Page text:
Telcos, forget past and prepare to embrace 5G

While the telecommunications companies are bracing for the forthcoming radio spectrum auction – recommendations for which have been released by the Telecom Regulatory Authority of India (Trai) recently – it is time to clearly define their roles for the mobile future of India.

While voice and Short Message Service (SMS) dominated the world of telecom in India until a couple of years back, carriers are on the back foot now, trying to manage exponential growth in data demand due to increasing penetration of smartphones and over-the-top (OTT) services. In a country almost devoid of landline broadband, mobile broadband holds the key for increasing penetration across the country.

However, entangled in the much controversial debates on Net Neutrality and differential pricing, coupled with spectrum scarcity and possible high payouts as spectrum fees, the carriers are in an unenviable situation. However, there is a still a silver lining on the horizon.

First, the primary usage of networks for transporting voice and multimedia data will see a paradigm shift soon towards transporting smart bits (relatively smaller in quantity) from a large number of hyper connected devices (i.e. Internet of Things – IoT). The connectivity requirements can be localised or long-range, and relatively immobile. The transmitted data may be mission critical, used for monitoring and adjusting associated physical devices (also called Cyber Physical Systems) in real time and hence require reliability and lower latency.

Therefore, the Fifth Generation (5G) networks of the future are likely to have simplified layered architecture that can support ubiquity, wide range of applications including multimedia video on one end and Internet of Things on the other end.

Second, the walled garden of telcos has crumbled with the invention of OTT services. This trend is likely to continue. Telecom carriers should be cognizant of the fact that they are just one part of the ecosystem which will comprise infrastructure providers, application and content providers, hosting service providers and hence need to make their part of the network simple with reduced complexity and improved interoperability.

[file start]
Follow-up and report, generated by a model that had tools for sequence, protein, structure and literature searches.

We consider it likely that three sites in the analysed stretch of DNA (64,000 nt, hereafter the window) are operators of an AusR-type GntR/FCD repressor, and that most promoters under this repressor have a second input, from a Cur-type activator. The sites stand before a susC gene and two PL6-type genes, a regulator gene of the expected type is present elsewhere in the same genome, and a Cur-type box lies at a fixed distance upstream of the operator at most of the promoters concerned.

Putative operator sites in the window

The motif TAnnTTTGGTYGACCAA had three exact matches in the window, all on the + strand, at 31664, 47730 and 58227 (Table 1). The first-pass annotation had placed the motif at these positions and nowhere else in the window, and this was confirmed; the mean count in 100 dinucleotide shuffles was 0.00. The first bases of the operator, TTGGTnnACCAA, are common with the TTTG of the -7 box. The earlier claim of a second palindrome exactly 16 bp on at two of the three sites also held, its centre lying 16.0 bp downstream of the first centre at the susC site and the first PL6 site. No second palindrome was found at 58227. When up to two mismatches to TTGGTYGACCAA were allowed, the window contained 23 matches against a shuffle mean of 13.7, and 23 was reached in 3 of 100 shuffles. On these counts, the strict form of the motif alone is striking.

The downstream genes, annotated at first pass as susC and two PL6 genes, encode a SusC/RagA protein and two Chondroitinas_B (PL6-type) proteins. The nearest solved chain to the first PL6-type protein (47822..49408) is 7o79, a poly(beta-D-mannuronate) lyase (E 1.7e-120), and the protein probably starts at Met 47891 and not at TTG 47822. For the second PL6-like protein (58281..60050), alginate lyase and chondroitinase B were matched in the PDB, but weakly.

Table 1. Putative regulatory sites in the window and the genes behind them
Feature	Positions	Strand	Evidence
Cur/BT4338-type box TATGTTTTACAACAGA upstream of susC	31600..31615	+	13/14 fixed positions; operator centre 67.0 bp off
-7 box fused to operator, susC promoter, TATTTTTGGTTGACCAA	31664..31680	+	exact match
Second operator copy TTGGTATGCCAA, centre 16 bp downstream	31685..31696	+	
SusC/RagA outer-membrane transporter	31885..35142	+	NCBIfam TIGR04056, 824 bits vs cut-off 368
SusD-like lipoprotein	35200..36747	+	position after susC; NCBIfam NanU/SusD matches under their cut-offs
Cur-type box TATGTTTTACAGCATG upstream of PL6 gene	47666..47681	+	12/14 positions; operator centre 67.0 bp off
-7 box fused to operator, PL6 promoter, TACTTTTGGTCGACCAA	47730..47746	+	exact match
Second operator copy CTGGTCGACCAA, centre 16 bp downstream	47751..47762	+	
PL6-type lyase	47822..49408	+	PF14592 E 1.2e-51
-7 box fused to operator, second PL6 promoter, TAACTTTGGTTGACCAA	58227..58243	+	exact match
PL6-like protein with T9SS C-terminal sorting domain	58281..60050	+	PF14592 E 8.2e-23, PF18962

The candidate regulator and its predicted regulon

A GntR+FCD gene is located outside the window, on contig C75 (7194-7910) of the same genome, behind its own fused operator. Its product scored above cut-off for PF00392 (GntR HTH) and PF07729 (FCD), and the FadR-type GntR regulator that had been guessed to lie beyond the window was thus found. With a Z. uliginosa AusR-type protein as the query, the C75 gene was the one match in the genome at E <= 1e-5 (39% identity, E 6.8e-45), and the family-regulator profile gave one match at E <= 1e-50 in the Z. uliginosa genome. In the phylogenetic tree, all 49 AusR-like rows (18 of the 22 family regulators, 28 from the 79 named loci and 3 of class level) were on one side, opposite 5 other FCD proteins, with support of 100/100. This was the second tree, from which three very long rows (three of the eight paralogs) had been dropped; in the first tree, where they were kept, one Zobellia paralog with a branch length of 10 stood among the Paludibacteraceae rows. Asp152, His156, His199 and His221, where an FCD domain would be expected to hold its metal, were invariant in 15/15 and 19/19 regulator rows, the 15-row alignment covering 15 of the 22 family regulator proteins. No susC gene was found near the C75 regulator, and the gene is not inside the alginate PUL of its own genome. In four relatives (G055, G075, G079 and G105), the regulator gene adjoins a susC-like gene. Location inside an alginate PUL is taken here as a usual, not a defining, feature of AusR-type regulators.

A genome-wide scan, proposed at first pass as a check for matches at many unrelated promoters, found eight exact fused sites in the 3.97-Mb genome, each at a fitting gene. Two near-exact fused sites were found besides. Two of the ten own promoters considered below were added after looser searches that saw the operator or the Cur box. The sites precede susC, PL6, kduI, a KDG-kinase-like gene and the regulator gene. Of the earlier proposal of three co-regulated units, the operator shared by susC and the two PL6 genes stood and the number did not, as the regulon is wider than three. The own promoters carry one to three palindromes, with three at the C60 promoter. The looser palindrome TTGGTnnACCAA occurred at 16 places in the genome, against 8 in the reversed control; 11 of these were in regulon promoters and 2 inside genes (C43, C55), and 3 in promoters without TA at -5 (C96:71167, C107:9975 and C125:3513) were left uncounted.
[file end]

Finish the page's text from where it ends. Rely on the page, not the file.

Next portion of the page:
Third, the future 5G networks will be much simpler in design much like the eloquent TCP/IP protocols of the Internet that stood the test of time, and very much unlike the 2G and 3G networks with numerous interconnected elements of complex interfaces and protocols, known only to the carriers who have deployed them. This is likely to reduce the operational complexity of networks and, through it, the associated costs which have been burdening the carriers for quite some time. This also portends a future where there are many types of infrastructure and service providers of which the telcos are just one set of players.

So, it is time for both the Network Equipment Manufacturers and telcos to revisit some of the assumptions behind their extant network technology deployment strategies and keep an eye on the future landscape of network service provisioning.

5G on multiple frequencies

Fourth, the 5G networks will work seamlessly on multiple frequency bands catering to a variety of requirements, including short and long-haul access, and differing Quality of Service requirements. Network services will be provided over cellular, Wi-Fi, wired broadband and satellite networks with little lock-in to any specific type of network.

As we speak, alliances such as SIGFOX, Ingenu and LoRa are working on the use of unlicensed band for long-haul IoT usage. Both the network equipment and handsets will become spectrum agile, spotting frequency bands on the fly for use in opportunistic basis. Hence, it is time that the mobile carriers change their mind set from primary ownership of spectrum bands to sharing it in a “co-opetitive” manner for the benefit of the ecosystem as a whole.

Fifth, policy makers and regulators need to be aware of the potential and technical capabilities of 5G networks of tomorrow and prepare accordingly. Light touch regulation is here to stay. The traditional command-and-control approach to various aspects of telecom regulation, including licensing and spectrum management needs a paradigm change. Pluralistic licensing and flexible spectrum management approaches are the need of the hour.

Of course, one might argue that 5G networks are still in a nascent research phase and it will take time for their adoption. However, the technologies which enable all the above are already coming out of research labs and are expected to be standardised by 2017. In the US, AT&T has already unveiled its 5G roadmap, indicating deployment of a future network services such as video, virtual reality, and Internet of Things.

In India, Airtel has already started testing 4G+ technologies such as LTE-Advanced through which carrier aggregation across different bands can be deployed, thereby boosting spectral efficiencies. Though it may take another year or two for the ecosystem to catch up, it is time that telcos think about all the factors above and strategise accordingly, leaving the legacy behind and embrace what the future beholds.

The World Development Report 2016, released recently by the World Bank, recognises the transformational nature of digital technologies, especially that of mobile broadband. However, it also advocates policy reforms especially in emerging countries on liberalisation of spectrum management, including spectrum sharing and resale. Though significant strides have been made in this area recently in India, it is time to look beyond and leap frog!

(The  writer is Professor, IIIT-B. The article is partly based on the public lecture of Henning Schulzrinne, Levy Professor of Computer Science, Columbia University, US, held at IIIT-B)

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